Virginia is long, but I am going fast. I’ve been doing better than 100 miles a week, and it feels great. Most of the days lately have begun with a climb up to a ridge, followed by several hours of easy walking to the next notch, where I either stop for lunch or set up camp, depending on how many ridges I’d already crossed that day. The only difficulties have been the fallen leaves hiding loose rocks and the shrinking window of daylight.
Oh and the cold. We had a quick two day taste of winter before it went back to normal autumn temperatures, and the fact that the sun couldn’t keep me warm by itself made me very unhappy. Cold nights are one thing, I have a sleeping bag. But being cold in the sunlight? It feels like a betrayal. But whatever, I’m going fast and the voice in the back of my head that has been nagging for speed since Pennsylvania is finally, finally, satisfied. Wearing long sleeves won’t kill me. It will just make me extra funky, if that’s even possible at this point.
The cold days aren’t here quite yet, though, and I’ve been enjoying cool days under a cloudless, deep blue sky while the mountains slowly turn the color of rust. My feet barely even hurt.
Anyway, I don’t have a lot to report about Virginia. Lot of walking. I’ll be in North Carolina next week. Yep.
So I’ve put together a hiker glossary. Now you can learn the lingo and be a cool kid too:
Bonus Miles – Any distance not on the trail. Low score is best.
Cowboy Camping – Who needs a tent?
Vitamin I – Ibuprofen. An essential ingredient for good trail mix.
Vortex – The gravitational pull of hikers being lazy in a nice spot, be it a hostel, beach, or sunny spot by the road. Large amounts of willpower are required to achieve escape velocity. Both a noun and a verb.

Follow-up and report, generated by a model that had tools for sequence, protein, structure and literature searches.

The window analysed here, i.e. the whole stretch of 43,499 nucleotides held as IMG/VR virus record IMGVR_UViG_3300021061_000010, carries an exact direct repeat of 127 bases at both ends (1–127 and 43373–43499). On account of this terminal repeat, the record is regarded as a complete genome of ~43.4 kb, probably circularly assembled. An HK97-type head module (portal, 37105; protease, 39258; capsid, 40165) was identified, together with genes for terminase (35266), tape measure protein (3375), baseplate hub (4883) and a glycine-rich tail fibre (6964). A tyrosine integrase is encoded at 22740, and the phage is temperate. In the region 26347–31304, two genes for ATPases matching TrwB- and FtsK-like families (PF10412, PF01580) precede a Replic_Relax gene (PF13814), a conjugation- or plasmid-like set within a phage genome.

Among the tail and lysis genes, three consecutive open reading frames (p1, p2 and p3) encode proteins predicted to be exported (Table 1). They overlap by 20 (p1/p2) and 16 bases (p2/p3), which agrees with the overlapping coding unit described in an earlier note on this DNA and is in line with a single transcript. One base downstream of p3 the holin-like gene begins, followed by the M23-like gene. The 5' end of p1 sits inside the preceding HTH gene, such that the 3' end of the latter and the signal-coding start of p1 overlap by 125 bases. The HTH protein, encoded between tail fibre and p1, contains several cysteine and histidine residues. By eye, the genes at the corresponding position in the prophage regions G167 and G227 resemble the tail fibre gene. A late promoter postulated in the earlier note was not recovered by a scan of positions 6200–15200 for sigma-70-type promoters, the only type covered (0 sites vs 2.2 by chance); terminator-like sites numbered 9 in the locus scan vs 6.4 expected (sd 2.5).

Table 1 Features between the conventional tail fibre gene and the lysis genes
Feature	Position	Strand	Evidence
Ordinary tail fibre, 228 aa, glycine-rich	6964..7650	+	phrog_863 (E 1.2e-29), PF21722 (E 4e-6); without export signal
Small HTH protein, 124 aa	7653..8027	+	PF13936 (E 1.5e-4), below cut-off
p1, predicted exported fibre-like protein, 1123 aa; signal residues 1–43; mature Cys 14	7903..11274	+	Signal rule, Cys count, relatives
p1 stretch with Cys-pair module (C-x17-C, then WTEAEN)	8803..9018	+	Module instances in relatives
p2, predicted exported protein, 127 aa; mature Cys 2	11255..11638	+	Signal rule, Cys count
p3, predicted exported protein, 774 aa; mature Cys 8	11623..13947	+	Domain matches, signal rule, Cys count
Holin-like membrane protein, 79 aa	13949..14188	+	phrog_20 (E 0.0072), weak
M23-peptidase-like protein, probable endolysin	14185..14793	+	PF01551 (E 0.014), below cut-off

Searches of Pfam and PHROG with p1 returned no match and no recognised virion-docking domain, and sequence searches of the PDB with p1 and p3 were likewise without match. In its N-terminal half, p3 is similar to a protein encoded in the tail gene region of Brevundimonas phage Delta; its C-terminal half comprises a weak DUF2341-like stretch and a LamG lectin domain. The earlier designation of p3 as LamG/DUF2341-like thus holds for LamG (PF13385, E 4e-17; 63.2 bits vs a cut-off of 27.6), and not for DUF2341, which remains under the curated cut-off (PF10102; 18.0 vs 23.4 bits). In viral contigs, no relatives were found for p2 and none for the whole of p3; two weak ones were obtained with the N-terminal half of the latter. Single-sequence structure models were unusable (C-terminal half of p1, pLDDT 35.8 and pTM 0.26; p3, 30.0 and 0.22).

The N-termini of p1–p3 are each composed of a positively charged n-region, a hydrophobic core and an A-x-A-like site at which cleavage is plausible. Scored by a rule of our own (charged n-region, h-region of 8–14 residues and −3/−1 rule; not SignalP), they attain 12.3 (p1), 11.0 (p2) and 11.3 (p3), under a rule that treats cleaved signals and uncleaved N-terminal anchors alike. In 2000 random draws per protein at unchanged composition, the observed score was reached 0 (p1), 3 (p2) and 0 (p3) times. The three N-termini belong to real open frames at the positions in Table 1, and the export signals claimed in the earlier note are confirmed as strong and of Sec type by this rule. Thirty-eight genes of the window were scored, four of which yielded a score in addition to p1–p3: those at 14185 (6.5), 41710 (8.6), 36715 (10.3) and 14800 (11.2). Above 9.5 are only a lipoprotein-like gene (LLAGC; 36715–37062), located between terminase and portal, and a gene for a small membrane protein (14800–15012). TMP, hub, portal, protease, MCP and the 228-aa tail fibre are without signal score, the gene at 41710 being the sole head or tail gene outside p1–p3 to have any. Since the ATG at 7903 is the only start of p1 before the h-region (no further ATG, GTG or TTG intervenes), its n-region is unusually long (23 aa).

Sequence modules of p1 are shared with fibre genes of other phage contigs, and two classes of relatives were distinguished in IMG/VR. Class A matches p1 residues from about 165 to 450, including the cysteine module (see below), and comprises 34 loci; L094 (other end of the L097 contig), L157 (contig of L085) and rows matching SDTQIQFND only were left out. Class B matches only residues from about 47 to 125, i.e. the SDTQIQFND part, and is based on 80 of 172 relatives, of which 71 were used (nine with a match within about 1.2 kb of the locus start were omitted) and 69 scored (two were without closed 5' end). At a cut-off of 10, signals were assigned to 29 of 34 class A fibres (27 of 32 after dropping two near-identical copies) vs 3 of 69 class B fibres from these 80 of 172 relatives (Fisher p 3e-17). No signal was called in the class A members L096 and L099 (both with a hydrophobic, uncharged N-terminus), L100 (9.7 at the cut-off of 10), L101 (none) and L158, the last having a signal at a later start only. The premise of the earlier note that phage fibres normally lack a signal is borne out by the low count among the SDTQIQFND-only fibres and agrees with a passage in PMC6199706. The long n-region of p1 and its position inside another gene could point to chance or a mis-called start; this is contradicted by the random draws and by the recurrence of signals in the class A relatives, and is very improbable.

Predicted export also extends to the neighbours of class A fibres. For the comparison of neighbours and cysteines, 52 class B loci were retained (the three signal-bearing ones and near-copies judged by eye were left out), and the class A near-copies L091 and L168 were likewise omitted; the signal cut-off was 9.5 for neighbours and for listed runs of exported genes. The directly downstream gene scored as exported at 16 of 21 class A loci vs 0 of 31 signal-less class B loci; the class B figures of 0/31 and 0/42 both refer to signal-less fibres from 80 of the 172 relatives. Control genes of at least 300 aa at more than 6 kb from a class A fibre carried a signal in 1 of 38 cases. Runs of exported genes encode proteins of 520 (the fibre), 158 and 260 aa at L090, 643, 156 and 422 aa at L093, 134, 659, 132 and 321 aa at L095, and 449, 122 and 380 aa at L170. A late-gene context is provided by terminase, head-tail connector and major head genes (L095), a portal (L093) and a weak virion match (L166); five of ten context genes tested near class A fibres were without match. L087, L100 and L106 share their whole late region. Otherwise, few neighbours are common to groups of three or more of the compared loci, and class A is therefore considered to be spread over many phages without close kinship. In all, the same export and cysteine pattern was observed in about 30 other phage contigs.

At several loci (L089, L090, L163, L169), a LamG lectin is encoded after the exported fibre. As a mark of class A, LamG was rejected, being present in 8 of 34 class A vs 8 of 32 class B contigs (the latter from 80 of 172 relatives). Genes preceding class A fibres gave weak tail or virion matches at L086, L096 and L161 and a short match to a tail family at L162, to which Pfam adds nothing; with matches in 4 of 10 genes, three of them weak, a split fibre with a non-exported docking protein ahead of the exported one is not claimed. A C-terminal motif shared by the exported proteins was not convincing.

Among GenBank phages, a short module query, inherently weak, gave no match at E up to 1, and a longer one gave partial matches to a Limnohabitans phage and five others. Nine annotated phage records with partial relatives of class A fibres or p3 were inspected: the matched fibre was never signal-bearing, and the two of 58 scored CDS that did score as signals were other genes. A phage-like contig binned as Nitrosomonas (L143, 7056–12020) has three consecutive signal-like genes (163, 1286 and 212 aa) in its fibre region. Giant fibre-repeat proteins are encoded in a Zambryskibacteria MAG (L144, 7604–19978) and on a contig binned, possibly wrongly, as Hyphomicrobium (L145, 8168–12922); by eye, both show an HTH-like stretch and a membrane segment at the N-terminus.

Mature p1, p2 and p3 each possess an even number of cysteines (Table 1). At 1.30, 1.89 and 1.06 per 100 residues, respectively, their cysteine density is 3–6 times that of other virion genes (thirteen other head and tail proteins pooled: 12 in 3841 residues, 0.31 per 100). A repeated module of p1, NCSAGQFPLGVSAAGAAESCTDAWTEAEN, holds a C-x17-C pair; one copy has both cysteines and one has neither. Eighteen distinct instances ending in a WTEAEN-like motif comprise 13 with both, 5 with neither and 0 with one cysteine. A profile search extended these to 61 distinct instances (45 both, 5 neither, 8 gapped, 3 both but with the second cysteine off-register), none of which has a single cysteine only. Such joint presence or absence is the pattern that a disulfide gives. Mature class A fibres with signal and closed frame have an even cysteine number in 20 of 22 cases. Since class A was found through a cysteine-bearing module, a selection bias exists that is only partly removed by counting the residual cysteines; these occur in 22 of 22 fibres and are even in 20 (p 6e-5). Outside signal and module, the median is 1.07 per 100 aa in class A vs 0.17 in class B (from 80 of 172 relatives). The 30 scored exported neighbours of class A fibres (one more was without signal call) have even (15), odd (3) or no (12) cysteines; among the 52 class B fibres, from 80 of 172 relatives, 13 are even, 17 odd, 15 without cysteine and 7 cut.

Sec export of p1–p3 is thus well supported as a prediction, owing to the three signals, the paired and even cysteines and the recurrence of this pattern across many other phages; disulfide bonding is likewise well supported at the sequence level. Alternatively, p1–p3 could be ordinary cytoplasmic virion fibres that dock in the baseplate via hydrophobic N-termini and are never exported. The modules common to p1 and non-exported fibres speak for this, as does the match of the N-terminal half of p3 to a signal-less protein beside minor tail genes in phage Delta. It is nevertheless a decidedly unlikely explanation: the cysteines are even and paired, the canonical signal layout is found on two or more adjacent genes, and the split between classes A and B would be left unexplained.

PUD – Pointless Up and Down. A challenging climb and descent that looks exactly the same at the top and at the bottom.
Thru Hiker – A hiker attempting the entire trail in a single season. Known for their hunger and lack of good sense.
Section Hiker – A hiker piecing together the entire trail over a series of separate trips. Known for employment and other adult responsibilities.
Flip-Flopper – A thru hiker attempting to complete the trail in a few large segments.
NOBO – Northbounder. The most popular direction, NOBOs get the most support from the AT community on their journey.
SOBO – Southbounder. Widely considered the most difficult way to thru hike, SOBOs have fewer off-trail services to rely on. This may or may not make them better than you.
BOBO – Bothbounder. Weirdos. May have a master plan, but are probably just lost.
Daywalker – Just out for a day or two, usually well intentioned but known for complete cluelessness and lack of trail etiquette.
Mayfly – They started in Georgia sometime in May, and will beat you to Maine by at least a month anyway. Definitely cyborgs.
Yo-Yoer – Already hiked 2189 miles and didn’t get enough, so they’ve turned around.
Slack-Packing – Hiking with a lighter load, usually only what is needed for a day while their remaining gear is held at the destination. Frowned upon by purists.
Purist – Hater of fun and comfort.
Yellow Blazing – Driving. Only a problem if you lie about it.
Hiker TV – The fire.
Hiker Midnight – Sundown. Bedtime. Daywalkers may disregard hiker midnight, but must accept the consequences come daybreak.
Zero Day – A rest day, during which 0 miles were hiked.
Nearo – A rest day, during which a few miles were hiked.
Beero – A rest day that was not initially scheduled as a rest day.
Trail Angel – Volunteer ride givers, food cookers, and crash spot providers.
Trail Magic – Unexpected treats left on the trail by angels, ranging from fresh water to beer to full blown barbecue cookouts.
Trail Tragic – Nothing left but empty cans and Twinkie wrappers.
“Hike your own hike” (passive voice) – Do what works for you, go at your own pace, every one has different goals and abilities, so to each their own, no pressure.
“Hike your own hike” (active voice) – Get out of my room, dad, GAWD.
Total Milage: 1646.5